Zowel in India als in Bangladesh zijn miljoenen mensen geëvacueerd. Het dodental loopt op.
Tropical Cyclone "Fani" forced one of the biggest human evacuations in history, death toll rises to At least 16 people have been killed in India and another 14 in Bangladesh due to strong winds and heavy rain produced by Tropical Cyclone "Fani" since it made landfall May 3, 2019. More than 200 were injured.
The cyclone forced officials to conduct one of the biggest human evacuations in history - more than 1.2 million in India in 24 hours and another million in Bangladesh.
Odisha state officials said massive restoration work is underway in 10 000 villages and 52 urban areas ravaged by the storm.
The death toll rose to 16 late May 4: 4 in Mayurbhanj district, 3 in Puri, 3 in Bhubaneswar, 3 in Jajpur and 1 each in Keonjhar, Nayagarh and Kendrapara.
Nearly 3 million people were left without power in different parts of the state.
Officials said a large number of animals were killed by the storm, forcing them to deploy veterinary teams to dispose of the dead bodies.
Eastern Naval Command of the Indian Navy launched massive rescue and rehabilitation effort across the state, home to 46 million people.
Odisha Chief Minister Naveen Patnaik described the storm as 'rarest of rare' to hit India in years.
"Because of its rarity, the tracking and prediction was very challenging. In fact, till 24 hours of landfall, one was not sure about the trajectory it was going to take because of the predictions of different agencies," Patnaik said.
"This led to one of the biggest human evacuations in history - a record 1.2 million people were evacuated in 24 hours," he said.
Highlighting the zero-casualty cyclone preparedness policy of the Indian Government, Denis McClean, a spokesperson for the UN Office for Disaster Risk Reduction, said that 'the almost pinpoint accuracy of the early warnings from the Indian Meteorological Department had enabled the authorities to conduct a well-targeted evacuation plan, which had involved moving more than one million people into storm shelters.'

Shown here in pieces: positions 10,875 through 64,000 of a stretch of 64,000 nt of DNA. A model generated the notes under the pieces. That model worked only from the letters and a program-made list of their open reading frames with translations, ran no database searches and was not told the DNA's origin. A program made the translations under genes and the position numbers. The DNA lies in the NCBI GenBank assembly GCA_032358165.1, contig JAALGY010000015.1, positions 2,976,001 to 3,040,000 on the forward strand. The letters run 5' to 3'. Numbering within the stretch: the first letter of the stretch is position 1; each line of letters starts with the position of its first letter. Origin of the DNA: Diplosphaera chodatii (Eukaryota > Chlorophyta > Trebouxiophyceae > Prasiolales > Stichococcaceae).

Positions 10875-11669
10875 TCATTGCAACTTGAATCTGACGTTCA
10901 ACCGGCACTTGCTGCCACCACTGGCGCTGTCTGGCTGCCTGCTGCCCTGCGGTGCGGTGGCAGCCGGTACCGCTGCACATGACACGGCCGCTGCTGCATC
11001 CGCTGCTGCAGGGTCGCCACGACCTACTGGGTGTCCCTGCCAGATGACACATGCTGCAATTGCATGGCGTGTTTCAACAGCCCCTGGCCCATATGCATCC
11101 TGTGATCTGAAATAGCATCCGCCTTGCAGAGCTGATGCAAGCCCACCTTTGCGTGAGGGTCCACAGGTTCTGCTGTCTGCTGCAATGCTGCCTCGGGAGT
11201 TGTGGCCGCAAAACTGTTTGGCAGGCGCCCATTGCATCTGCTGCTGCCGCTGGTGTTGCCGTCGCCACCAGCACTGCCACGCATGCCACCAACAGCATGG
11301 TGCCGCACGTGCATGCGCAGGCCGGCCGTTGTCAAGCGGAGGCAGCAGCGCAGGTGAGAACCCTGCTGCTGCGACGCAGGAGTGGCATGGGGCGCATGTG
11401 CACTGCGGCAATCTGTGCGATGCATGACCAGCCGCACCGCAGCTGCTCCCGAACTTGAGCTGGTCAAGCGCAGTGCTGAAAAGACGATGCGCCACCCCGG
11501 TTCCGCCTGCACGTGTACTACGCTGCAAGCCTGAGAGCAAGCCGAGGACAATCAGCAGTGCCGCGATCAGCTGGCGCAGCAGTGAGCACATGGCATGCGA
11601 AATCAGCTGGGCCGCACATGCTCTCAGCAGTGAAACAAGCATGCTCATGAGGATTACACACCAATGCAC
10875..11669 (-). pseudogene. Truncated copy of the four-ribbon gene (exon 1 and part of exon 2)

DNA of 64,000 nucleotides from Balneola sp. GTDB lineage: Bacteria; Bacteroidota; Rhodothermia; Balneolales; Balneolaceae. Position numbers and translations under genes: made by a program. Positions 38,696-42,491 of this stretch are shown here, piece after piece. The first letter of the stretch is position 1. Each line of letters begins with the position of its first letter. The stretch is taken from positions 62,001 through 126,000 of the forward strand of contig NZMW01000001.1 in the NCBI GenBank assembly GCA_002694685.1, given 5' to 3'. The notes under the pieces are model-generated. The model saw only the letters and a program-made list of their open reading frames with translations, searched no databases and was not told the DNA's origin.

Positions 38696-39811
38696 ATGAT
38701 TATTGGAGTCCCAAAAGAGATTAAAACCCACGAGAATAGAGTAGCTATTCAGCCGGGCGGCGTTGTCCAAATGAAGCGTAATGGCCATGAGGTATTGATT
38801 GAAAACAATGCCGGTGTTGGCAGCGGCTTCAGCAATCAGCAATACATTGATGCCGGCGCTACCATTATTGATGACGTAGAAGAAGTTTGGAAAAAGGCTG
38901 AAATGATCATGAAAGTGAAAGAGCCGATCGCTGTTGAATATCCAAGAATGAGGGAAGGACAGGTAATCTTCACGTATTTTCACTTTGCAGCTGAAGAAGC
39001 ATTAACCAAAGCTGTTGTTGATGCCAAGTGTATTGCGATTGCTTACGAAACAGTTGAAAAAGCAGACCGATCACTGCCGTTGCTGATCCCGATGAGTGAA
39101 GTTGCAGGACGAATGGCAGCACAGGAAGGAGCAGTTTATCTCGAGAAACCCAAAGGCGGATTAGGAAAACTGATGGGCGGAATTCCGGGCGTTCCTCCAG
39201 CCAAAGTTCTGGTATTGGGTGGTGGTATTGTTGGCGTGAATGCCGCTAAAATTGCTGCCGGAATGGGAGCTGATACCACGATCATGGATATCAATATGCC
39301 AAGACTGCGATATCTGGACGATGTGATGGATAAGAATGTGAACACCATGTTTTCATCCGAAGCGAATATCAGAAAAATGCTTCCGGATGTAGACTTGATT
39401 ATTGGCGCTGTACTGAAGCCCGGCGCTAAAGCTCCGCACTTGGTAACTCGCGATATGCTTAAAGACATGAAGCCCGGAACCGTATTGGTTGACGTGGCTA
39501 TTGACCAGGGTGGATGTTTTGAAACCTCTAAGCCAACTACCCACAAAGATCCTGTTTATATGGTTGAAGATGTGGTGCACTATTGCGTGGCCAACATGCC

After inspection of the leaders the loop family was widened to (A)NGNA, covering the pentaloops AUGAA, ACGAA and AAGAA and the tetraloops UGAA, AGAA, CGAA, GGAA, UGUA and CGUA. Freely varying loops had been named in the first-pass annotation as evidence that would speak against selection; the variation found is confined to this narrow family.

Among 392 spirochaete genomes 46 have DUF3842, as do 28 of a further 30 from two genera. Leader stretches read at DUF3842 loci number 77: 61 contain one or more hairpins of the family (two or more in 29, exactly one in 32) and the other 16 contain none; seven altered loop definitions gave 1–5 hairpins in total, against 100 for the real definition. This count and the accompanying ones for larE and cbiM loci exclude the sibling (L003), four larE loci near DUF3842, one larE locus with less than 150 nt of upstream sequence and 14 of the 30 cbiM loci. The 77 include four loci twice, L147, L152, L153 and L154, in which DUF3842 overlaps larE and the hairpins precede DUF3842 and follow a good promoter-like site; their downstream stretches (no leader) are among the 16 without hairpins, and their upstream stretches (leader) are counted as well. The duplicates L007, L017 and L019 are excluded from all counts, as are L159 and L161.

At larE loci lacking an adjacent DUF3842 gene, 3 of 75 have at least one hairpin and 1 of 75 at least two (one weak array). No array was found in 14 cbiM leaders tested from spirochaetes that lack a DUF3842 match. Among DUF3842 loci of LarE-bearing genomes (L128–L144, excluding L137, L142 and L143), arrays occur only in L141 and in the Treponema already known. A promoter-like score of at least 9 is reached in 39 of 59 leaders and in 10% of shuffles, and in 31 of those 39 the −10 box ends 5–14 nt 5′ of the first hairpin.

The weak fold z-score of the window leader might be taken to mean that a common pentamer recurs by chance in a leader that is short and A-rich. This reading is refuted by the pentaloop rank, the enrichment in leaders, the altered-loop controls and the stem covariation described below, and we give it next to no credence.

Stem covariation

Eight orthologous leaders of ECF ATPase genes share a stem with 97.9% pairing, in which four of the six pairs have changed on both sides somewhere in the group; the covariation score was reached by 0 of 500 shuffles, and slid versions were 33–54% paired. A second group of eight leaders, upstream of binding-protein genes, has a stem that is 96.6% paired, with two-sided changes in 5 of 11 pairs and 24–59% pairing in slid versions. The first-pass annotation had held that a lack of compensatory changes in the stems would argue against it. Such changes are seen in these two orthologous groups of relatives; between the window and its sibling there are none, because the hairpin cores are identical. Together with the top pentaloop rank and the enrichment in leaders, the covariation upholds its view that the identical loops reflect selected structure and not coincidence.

In 1999, Odisha was hit by a super-cyclone and storm surge 20 km (12.4 miles) inland, which resulted in deaths of at least 10 405 people. The 1999 Odisha cyclone (IMD designation BOB 06, JTWC designation 05B) was the strongest recorded tropical cyclone in the North Indian Ocean and among the most destructive in the region. Its highest sustained winds were 260 km/h (160 mph) and lowest pressure 912 hPa.
Although Fani was comparable to the 1999 cyclone, Odisha was ready this time thanks to improved forecasting models, intense public awareness campaigns and well-drilled evacuation plans.
West Bengal officials said Fani did not cause much damage in their state, except to several huts.
Tropical Cyclone "Fani" track. Credit: JRC, ADAM, WFP
Tropical Cyclone "Fani" on May 3, 2019. Credit: NASA Terra/MODIS
Fani entered Bangladesh on May 4 as a deep depression, affecting the coastal districts of Chattogram, Noakhali, Laxmipur, Feni, Chandpur, Borguna, Bhola, Patuakhali, Barishal, Pirozpur, Jhalokathi, Bagherhat, Khulna and Satkhira as well as their offshore islands by storm surges estimated at 0.6 - 1.2 m (2 - 4 feet) height above normal astronomical tide levels.
At least 14 people were killed and 50 injured due to tree falls and wall collapse in Barguna, Noakhali and Patuakhali, DG ECHO reported May 5.
At least 36 villages in Patuakhali, Bagerhat, Bhola and Satkhira were inundated as storm surges breached earthen dykes and overflew them, according to the National Disaster Response Coordination Centre (NDRCC).
A total of 32.28 km (20 miles) of earthen dykes were damaged.
Around 13 000 houses were fully or partially damaged in the coastal districts, including Bhola, Chandpur, Bagerhat, Khulna, Satkhira, Patuakhali and Barguna, according to the NDRCC.